Arvedlund provides a fascinating view of the financial dealings of Bernie Madoff, who was at the helm of a $65 billion Ponzi scheme that broke wide open in late 2008. The author digs deeply into Madoff's career to unravel the secret maneuverings that eventually wiped out investors from coast to coast - many of whom had invested all their savings with Madoff. Karen White narrates in a steady tone that sounds like broadcast reporter breaking a complicated story. White's flawless performance, combined with Arvedlund's exposé, draws the listener into this compelling story of financial sleight of hand. Listeners will be tempted to listen without a break. White's subtly inflected voice disappears into the background, placing the scandal - and those ruined by it - front and center.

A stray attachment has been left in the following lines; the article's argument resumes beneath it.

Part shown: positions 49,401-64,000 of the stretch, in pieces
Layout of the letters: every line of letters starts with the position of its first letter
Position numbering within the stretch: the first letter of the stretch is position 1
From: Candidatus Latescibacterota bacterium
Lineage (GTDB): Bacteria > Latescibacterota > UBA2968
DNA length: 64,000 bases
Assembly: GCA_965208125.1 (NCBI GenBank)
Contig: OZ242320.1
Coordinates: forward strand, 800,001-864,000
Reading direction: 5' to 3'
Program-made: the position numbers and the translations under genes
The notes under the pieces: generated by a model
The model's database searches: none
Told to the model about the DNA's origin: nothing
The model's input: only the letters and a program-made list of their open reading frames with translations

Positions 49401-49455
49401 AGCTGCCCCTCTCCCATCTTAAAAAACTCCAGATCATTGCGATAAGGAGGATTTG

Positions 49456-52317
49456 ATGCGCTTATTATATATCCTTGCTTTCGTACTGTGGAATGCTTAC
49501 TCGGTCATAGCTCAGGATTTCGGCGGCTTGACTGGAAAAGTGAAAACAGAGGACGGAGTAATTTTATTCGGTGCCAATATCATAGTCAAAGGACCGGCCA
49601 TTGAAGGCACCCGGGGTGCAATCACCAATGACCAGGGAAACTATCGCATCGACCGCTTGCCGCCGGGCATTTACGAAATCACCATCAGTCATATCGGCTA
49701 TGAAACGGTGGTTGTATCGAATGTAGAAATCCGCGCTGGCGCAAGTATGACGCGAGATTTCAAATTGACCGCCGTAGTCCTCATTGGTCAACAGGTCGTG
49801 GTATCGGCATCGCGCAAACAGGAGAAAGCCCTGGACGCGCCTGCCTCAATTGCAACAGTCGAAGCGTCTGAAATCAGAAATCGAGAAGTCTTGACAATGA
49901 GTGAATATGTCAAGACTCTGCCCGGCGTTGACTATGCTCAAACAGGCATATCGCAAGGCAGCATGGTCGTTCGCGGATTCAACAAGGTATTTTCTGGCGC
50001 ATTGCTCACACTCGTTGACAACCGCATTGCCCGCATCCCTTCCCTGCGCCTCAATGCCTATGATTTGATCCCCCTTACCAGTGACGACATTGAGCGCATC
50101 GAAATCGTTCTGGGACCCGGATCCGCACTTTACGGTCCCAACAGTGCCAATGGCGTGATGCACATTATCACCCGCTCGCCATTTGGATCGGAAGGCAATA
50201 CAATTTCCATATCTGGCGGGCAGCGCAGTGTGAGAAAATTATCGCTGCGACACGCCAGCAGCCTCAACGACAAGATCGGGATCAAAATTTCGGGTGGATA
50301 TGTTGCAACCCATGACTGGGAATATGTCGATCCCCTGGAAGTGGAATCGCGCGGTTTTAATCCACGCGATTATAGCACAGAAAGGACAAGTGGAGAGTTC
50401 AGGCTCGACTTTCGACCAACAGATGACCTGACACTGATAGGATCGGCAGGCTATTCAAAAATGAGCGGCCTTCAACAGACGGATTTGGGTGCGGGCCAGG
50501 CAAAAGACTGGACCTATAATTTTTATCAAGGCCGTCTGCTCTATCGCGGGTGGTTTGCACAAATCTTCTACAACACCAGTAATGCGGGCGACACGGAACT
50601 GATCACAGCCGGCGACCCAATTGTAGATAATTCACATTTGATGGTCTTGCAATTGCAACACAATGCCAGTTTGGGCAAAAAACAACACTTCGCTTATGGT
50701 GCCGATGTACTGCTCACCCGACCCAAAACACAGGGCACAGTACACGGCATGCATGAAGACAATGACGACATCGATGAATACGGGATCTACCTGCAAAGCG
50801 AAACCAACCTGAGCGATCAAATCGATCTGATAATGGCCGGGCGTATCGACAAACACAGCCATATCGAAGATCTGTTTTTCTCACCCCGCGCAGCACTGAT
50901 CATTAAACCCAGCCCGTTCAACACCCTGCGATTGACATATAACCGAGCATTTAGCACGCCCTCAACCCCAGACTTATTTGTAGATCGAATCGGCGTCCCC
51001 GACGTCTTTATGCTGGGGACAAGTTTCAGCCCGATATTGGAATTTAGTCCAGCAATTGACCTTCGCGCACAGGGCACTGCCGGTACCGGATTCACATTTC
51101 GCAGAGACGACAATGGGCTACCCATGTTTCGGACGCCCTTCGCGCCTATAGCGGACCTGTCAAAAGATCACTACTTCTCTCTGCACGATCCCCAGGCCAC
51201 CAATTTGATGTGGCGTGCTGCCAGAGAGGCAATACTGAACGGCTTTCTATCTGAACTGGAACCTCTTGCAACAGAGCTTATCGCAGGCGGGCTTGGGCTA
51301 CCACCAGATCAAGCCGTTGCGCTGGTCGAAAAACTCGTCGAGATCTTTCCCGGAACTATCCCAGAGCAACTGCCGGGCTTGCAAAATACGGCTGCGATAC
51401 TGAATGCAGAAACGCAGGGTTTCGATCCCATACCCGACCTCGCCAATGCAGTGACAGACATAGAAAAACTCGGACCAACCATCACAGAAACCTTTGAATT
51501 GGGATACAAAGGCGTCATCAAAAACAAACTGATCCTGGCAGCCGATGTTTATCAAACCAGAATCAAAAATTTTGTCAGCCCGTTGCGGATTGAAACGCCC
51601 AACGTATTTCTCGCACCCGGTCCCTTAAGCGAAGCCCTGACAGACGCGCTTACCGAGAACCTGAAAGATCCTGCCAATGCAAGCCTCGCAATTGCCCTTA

©2009 Erin Arvedlund; (P)2009 Tantor
Arvedlund's book is a mostly boring financial account of the scandal, with little inside information into the why and how of the biggest ponzi scheme ever. Why not focus more on investigating the more interesting questions of why and when the scam started? It It seems like she is just trying to cash in on the Barron's article she wrote, which itself had little new information compared to the marhedge article that appeared before hers. Markopolis' account is much more interesting, containing a narrative that follows the timing of the event and his personal account of those events.
Her's is however, thoroughly researched and presumably the most through and detailed account.
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